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Old 30-01-2011, 21:46   #31
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Say, maybe putting a code Zero onto Charlie's boat would give him the added power that he seeks (at least off the wind a bit). Some pricey hardware, but lots of sail area and easy usage.

Whaddya think Charlie?

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Old 30-01-2011, 22:31   #32
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Quote:
Originally Posted by Charlie View Post
I like that idea of adding Roach I also have a longer boom so between extra roach and the longer Boom I might be able to make this work w/o as much $$$

She's not a tender boat at all. I wouldn't be moving the Center of Effort fore and aft but vertically I would be. As I said above the first reef would take the boat back to original conditions and with the small jib I am good till about 25 knots. Then I have the choice of a second reef or rolling up the jib and setting the staysail.
If you add roach you are going to change the helm balance, you are adding sail area at the aft end of the boat.

If you increase the main size by increasing the mast height without increasing jib size (as OP initially proposed) you are going to change the helm balance. The total CLE is a weighted average of the Main's and jib's CLEs, so changing only one changes the location and magnitude of the total CLE.

If you increase the mast height, and allow both the main and jib to increase there will probably be a slight change in the fore and aft location of Total CLE that would probably correctible with rig tuning. In the this case the increase in one CLE is offset mostly by the increase in the other's CLE.
The only way I can see to do this without spending wheelbarrows of money is to convert the existing mast from keel stepped to deck stepped. A rigger could weld the sail groove back where it was cut for the sail entry, and at the goose neck. Then you would need to consider the spreaders.

If you remain with double spreaders and respace them on the mast, the panel lengths between shrouds/spreader will have been significantly increased and you will have lost the support of the deck level blocking. A navel architect should look at that to determine if the existing mast can take it. The chain plates will also need to be considered, but they are probably fine as is.

The other option is to go with triple spreaders. The panel lengths will decrease, even with the extra 6' of mastheight and the lack of deck level blocking the mast should be fine in the transverse direction. In the longitudenal direction you will have problems. The fore and aft lowers will not just attach at a smaller percentage of mast height but actually lower on the mast. A foreward babystay and a couple of fixed backstays going to the aft lower chainplates from the second spreaders would help significantly. Support at the 3rd spreaders is problematical but probably fine as is or with a removable staysail stay and running backs that are only used in heavy weather.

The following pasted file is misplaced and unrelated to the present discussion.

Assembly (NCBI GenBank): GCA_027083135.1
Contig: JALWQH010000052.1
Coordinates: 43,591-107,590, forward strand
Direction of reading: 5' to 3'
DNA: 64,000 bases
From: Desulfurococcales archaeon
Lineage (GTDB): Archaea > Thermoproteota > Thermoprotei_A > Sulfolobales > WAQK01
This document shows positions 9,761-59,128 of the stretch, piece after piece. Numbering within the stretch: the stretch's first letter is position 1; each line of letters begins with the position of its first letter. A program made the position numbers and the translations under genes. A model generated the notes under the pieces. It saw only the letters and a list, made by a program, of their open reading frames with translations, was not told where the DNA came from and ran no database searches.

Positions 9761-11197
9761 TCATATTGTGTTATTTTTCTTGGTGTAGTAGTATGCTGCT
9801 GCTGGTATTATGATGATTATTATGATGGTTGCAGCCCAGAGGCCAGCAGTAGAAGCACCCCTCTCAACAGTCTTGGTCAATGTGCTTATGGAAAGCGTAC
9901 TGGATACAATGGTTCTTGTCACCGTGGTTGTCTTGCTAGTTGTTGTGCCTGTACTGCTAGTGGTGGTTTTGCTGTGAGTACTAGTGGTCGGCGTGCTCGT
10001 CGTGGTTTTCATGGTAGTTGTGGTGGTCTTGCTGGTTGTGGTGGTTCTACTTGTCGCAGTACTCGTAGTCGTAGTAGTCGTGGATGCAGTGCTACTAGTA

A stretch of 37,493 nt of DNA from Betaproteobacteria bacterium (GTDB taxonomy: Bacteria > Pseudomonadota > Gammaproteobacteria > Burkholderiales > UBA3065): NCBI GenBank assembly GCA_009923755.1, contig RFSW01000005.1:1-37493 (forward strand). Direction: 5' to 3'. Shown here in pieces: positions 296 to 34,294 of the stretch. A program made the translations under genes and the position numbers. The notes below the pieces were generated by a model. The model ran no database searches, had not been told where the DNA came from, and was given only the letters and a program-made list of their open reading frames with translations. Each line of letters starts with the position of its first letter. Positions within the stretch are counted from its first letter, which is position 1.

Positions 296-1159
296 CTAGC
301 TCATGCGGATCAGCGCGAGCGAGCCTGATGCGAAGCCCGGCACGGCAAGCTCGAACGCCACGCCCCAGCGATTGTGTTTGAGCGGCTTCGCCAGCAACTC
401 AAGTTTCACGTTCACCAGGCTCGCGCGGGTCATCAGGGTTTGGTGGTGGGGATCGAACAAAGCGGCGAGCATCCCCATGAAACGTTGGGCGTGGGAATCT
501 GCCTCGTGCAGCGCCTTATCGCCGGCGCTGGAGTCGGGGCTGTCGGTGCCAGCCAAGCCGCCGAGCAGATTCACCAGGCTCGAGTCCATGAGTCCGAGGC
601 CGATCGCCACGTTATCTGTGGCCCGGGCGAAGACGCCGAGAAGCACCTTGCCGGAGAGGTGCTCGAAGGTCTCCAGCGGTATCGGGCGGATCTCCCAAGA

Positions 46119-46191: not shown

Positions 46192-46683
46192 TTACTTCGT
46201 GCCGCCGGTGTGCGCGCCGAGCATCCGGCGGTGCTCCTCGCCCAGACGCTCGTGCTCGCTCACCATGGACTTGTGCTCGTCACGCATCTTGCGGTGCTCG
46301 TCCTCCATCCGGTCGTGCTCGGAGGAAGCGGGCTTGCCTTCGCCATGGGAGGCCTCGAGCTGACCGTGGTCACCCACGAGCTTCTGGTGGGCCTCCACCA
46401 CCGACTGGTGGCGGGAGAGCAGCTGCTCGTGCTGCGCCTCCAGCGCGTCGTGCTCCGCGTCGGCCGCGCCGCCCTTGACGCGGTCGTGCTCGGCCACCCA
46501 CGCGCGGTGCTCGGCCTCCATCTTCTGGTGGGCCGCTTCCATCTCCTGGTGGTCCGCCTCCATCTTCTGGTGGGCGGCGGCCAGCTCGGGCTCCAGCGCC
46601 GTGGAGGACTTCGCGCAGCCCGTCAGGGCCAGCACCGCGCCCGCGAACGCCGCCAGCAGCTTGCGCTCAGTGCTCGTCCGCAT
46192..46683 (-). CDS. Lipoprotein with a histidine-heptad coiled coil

Even though you will not spending wheelbarrows of money to raise the mast height you will still have to spend buckets.

There is a different option to getting more sail area and decreasing the percentage size of the genoa/jib. That would be to lengthen the boom and to add a bowsprit. It looks like you could add 3' or 4' to the boom, which means that you should add a same length or slightly smaller sprit. If I were going to do this I would have a vertical plate running top and bottom along the outer 18"-24" of the sprit with holes for Headstay, Bobstay and tack shackle drilled every 2"-4". This way the helm balance could be adjusted by moving the forestay foreward or aft in increments until the correct position is found. A secondary effect of this is you might also be able to move the shroud bases out to the deck edge without affecting the jib sheeting angles. This decreases the shroud compressive load in the mast by increasing shroud angles and it gets the shrouds out of the middle of the side decks, an unhappy place for them to be when trying to go foreward in rough conditions. The mainsheet track will probably have to move aft into the cockpit.

You would probably be spending small buckets of money for this option.
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